Note that you have several versions of the object: object is the object once all casting and all parameters are applied to it; originalObject is the one passed originally to validate(); castObject is the object with only casting applied to it.

You also have access to the options passed when you did run validate(). For example, you could do:

asyncValidatedSchema = new Schema({
  name:    { type: 'string', lowercase: true, trim: 30, required: true, notEmpty: true },
  surname: { type: 'string', uppercase: true, trim: 50, required: true, notEmpty: true },
},
{
  validator: function( object, originalObject, castObject, options, done ){
    var errors = [];

    // Check options, skip check if `skipDbCheck` was passed
    if( options.skipDbCheck ){ return done( null, [] ) }

    db.collection.bannedNames.find( { name: object.name }, function( err, docs ){
      if( err ){
        done( err );
      } else {
        if( docs.length ){
          errors.push( { field: 'name', message: 'Name not valid or not allowed' } );
        }
        done( null, errors );
      }
    });

  }
});

var p = { name: 'Tony', surname: 'Mobily' };

asyncValidatedSchema.validate( p, { skipDbCheck: true }, function( err, newP, errors ){
  if( err ){
    console.log('Callback failed:");
    console.log( err );
  } else {
    console.log("Validation errors:");
    console.log( errors );
});

For the curious minds

validate() actually works in two phases:

  • Runs _cast() to cast object values to the right type. Casting is actually delegated to casting functions (for example, booleanTypeCast() for the type boolean). _cast() will take into account the options onlyObjectValues (which will make _cast() only work on fields that actually already exist in the object to be cast, allowing you to cast partial objects) and skipCast (an array of fields for which casting will be skipped).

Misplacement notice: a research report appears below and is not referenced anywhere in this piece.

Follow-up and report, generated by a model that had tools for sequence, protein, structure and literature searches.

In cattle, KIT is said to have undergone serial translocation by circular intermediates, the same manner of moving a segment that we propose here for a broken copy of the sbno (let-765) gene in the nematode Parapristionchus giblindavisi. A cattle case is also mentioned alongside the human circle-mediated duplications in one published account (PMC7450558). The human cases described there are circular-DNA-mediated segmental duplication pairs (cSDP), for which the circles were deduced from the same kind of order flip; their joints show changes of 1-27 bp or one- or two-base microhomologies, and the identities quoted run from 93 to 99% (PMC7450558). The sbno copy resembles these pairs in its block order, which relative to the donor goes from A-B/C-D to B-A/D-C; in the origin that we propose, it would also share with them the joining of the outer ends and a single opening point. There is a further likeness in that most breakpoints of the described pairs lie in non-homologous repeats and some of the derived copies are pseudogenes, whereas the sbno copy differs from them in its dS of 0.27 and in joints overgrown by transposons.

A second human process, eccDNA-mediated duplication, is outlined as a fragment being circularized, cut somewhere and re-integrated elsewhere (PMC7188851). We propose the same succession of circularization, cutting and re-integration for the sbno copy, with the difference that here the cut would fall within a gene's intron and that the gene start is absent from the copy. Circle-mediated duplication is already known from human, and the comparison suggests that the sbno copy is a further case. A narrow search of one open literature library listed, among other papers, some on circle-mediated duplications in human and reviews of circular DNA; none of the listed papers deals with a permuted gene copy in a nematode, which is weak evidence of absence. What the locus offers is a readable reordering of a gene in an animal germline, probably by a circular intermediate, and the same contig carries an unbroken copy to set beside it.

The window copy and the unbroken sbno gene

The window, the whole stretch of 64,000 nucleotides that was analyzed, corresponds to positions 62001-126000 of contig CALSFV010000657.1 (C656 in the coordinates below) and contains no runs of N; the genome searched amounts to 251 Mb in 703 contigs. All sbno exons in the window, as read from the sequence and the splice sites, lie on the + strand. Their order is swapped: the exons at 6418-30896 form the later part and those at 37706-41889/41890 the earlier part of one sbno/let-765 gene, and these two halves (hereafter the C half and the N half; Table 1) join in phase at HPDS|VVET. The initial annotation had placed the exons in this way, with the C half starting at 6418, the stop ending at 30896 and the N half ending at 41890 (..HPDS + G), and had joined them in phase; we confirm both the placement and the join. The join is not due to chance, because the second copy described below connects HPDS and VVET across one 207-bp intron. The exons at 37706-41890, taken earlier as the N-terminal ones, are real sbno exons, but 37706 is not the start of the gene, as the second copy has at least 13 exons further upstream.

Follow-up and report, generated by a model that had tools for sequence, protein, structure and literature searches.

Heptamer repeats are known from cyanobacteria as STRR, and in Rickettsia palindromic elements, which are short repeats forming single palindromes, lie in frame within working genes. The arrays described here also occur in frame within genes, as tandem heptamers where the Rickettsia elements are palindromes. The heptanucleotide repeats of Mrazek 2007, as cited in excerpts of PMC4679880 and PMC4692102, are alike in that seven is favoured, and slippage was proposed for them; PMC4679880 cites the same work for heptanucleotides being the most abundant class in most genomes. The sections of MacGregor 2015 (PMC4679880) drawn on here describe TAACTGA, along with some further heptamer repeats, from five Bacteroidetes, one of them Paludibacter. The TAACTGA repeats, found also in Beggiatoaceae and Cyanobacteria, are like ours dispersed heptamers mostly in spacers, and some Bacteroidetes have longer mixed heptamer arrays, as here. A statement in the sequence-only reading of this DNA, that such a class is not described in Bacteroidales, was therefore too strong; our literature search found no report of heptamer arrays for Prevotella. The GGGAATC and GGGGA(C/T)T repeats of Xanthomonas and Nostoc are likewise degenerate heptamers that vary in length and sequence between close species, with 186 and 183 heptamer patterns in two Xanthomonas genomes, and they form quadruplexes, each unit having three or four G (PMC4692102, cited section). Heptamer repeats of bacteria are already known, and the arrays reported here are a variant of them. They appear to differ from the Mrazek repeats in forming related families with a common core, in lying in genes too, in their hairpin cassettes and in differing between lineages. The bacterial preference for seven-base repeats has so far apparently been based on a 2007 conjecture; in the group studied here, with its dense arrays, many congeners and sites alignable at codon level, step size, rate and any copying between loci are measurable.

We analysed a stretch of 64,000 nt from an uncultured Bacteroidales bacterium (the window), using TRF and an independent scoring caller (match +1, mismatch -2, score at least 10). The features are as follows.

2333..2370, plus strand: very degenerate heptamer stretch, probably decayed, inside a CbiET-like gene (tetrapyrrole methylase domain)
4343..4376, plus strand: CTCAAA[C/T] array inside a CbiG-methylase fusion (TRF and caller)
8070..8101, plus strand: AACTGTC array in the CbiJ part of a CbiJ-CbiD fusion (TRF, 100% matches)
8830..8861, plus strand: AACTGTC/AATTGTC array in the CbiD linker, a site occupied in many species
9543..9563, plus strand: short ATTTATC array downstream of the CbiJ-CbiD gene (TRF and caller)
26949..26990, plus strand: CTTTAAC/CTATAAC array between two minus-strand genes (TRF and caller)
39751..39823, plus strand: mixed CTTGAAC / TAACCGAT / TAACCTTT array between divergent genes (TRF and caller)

• Runs _params() to apply schema parameters to the corresponding object fields. Just like _cast(), this function simply delegates all functionalities to the schema params functions (for example, uppercaseTypeParam()). _params() will take into account of the options onlyObjectValues (applying parameters only to fields that already exist in the object) and skipParams, which allows you to decide what parameters should not be applied to specific fields.

Extending a schema

The basic schema is there to be extended. It's very easy to define new types (casting) and new parameters (field manipulation): all you need to do is create a new constructor that inherits from Schema, and add appropriately named methods.

The easiest way to extend a schema is by using SimpleDeclare - Github.

For example:

var Schema = require( 'simpleschema' );
var NewSchema = declare( Schema, {

  incrementByTypeParam: function( p ){
    if( typeof( p.value ) !== 'number' ) return; // Only works with numbers
    return p.value = p.value + p.parameterValue;
  }, 

  booleanTypeCast: function( definition, value, fieldName, failedCasts ){
    return !!value;
  },
});

Now in your schema you can have entries like:

age:     { type: 'number', incrementBy: 10 },
enabled: { type: 'boolean' },

You can also create new schema without using SimpleDeclare, but the good old nodejs way:

var Schema = require( 'simpleschema' );

function NewSchema( structure, options ){
  Schema.apply( this, arguments );
}
require('util').inherits( NewSchema, Schema );

NewSchema.prototype.incrementByTypeParam = function( p ){
  if( typeof( p.value ) !== 'number' ) return; // Only works with numbers
  return p.value = p.value + p.parameterValue;
}
NewSchema.prototype.booleanTypeCast = function( definition, value, fieldName, failedCasts ){
  return !!value;
}

I cannot really write this code without a cringing feeling in my stomach. But, it's up to you.

Extending types

Types are defined by casting functions. When validate() encounters:

surname: { type: 'string', lowercase: true },

It looks into the schema for a function called stringTypeCast. It finds it, so it runs:

stringTypeCast: function( definition, value, fieldName, options, failedCasts ){

  // Undefined: return '';
  if( typeof( value ) === 'undefined' ) return '';

  // No toString() available: failing to cast
  if( typeof( value.toString ) === 'undefined' ){
    failedCasts[ fieldName ] = true;
    return;
  }

  // Return cast value
  return value.toString();
},

Note that the casting function must: